Experts Analyze Recent Financial Reform Legislation

At this year’s Reunion celebration, graduates working in finance discussed the shortfalls of the Dodd-Frank Wall Street Reform and Consumer Protection Act

Fall 2011

This June, Reunion 2011 provided an opportunity for alumni to reminisce about their days at Columbia Law School, as well as to participate in and attend several conversations covering headline-grabbing legal topics. Professor John C. Coffee Jr. moderated an event that brought together expert graduates to discuss the Dodd-Frank Wall Street Reform and Consumer Protection Act.

The panel discussion included former SEC Commissioner Annette Nazareth ’81, Hong Kong Exchanges and Clearing Limited CEO Charles X. Li ’91, and renowned bankruptcy attorney Harvey Miller ’59. Ultimately, the finance professionals concluded that the financial reform act has failed to eliminate the risk of banks becoming “too big to fail.” Miller, a partner at Weil, Gotshal & Manges known recently for structuring the Lehman Brothers bankruptcy settlement, explained that the statute was a total failure by that measure.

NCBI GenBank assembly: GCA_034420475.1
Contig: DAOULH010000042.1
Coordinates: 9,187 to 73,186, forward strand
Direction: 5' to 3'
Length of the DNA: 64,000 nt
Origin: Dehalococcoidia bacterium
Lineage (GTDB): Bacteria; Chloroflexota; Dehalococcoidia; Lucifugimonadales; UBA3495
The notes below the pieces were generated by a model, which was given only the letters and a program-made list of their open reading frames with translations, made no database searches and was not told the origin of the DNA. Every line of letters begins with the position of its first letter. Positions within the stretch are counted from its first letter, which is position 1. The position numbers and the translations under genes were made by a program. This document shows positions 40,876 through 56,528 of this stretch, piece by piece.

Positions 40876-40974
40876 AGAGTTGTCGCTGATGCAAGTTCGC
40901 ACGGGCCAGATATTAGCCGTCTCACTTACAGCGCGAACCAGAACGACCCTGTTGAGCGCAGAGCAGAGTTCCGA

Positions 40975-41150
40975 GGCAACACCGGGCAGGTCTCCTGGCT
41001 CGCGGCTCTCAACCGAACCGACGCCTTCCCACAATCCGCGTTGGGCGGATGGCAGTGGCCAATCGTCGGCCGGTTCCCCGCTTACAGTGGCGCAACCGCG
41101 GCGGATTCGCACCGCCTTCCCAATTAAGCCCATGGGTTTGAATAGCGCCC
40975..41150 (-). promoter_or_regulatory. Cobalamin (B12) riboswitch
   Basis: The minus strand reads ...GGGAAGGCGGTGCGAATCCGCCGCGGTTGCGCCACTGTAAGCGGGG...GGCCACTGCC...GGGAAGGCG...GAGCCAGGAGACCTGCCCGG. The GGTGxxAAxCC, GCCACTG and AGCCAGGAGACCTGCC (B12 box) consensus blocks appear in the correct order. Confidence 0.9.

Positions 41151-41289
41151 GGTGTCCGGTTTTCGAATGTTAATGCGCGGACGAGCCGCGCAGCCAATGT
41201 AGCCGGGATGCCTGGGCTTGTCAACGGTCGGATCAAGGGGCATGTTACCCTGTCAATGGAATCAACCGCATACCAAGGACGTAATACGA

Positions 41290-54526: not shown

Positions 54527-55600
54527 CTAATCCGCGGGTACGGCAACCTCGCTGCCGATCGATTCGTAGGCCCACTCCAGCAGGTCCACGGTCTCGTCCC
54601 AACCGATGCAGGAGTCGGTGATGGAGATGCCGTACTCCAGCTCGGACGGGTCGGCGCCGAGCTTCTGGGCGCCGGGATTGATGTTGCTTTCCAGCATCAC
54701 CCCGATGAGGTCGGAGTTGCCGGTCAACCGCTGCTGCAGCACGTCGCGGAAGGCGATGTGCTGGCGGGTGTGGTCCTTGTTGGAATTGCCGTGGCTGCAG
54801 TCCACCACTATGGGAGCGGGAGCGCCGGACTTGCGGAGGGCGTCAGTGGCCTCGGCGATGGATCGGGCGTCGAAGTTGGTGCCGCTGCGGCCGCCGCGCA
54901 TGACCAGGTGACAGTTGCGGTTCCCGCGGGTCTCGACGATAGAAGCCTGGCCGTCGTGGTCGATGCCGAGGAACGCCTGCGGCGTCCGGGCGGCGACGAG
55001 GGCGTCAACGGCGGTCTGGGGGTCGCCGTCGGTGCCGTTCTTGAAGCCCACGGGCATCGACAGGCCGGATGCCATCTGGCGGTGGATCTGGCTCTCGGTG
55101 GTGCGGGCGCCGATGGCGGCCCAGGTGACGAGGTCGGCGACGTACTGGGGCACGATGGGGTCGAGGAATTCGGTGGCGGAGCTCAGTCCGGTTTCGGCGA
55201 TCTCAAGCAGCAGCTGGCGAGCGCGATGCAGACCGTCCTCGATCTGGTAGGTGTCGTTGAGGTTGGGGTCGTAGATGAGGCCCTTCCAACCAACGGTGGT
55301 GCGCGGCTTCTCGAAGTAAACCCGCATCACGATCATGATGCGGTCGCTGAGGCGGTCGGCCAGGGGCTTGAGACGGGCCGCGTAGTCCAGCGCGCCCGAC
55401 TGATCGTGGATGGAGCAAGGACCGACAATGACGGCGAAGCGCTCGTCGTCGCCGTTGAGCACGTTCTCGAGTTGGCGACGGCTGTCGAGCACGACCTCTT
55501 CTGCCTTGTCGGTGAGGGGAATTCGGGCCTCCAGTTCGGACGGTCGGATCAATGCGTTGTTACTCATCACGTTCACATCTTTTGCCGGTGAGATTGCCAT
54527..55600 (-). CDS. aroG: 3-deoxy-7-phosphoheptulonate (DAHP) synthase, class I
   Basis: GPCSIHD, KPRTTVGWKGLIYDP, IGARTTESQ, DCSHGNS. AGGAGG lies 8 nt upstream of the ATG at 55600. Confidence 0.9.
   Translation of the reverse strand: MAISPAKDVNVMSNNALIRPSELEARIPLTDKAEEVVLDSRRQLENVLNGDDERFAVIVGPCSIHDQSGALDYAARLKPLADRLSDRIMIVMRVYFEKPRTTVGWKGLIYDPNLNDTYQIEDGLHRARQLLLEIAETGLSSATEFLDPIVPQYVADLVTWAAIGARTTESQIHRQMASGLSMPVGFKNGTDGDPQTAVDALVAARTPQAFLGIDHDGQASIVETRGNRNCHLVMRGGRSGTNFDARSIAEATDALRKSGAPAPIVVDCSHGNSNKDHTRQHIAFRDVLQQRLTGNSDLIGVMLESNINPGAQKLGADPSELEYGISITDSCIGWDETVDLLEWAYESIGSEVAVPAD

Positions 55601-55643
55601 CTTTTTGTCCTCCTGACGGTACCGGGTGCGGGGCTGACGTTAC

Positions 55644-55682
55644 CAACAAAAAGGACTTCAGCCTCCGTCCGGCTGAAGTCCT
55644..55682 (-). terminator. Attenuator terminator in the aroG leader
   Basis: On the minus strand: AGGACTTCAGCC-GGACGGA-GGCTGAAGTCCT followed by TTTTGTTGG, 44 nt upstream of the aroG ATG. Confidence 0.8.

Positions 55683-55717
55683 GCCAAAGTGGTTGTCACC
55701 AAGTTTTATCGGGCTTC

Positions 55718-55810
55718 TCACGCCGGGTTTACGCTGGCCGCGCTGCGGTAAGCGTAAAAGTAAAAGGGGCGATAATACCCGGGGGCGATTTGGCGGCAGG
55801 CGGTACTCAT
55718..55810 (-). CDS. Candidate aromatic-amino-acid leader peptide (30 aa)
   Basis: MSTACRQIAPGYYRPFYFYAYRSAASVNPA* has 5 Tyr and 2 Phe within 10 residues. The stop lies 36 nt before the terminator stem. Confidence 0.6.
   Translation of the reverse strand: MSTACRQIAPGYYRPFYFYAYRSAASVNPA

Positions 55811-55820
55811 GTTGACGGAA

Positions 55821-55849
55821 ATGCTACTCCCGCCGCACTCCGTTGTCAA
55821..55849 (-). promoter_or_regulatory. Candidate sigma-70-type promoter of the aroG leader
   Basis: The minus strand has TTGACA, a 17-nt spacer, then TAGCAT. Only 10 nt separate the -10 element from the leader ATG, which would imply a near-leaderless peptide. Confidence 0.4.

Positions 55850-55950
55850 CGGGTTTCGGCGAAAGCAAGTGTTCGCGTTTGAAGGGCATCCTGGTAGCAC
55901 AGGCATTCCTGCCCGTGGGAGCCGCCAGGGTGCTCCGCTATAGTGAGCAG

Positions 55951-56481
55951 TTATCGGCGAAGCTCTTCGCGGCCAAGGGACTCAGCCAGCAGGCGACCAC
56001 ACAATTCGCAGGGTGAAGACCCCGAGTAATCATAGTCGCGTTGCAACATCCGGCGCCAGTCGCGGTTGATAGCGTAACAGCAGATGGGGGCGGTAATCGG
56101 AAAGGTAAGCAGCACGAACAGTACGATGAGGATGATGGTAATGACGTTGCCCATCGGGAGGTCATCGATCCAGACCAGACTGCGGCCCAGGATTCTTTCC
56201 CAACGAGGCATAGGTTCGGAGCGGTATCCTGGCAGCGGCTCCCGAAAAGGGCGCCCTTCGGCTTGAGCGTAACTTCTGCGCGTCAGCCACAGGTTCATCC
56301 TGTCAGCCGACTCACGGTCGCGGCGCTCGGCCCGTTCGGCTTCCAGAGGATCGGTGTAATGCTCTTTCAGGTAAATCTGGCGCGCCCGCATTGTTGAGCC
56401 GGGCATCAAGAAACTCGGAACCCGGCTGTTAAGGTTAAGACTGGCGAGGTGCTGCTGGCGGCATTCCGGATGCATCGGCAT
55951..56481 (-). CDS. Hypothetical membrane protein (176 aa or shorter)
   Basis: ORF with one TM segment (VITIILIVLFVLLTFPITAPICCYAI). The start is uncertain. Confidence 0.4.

“The concept the statute adopts is that by oversight and regulation you’ll be able to stop this problem of systemic risk by nipping it in the bud,” Miller said. “That requires the will to regulate. And, yet, when you look at what happened leading up to 2008, you find that there was a total lack of will to regulate.”

Nazareth, a partner at Davis Polk in Washington, D.C., added that regulators also face substantial difficulties enforcing the legislation. “We’re talking [about] very sensitive, prudential regulation that’s going to have to take into account that firms vary a lot, [and] have different management structures,” she said. In addition, Nazareth noted, companies are going to great lengths to escape regulation by the Financial Stability Oversight Council. The council determines which firms are large enough to pose a systemic risk to the economy and, as a result, must be subject to more strict regulation.

“We are essentially coming to the conclusion,” Li explained, “that institutions are still too big to fail, and Dodd-Frank is too big to work.”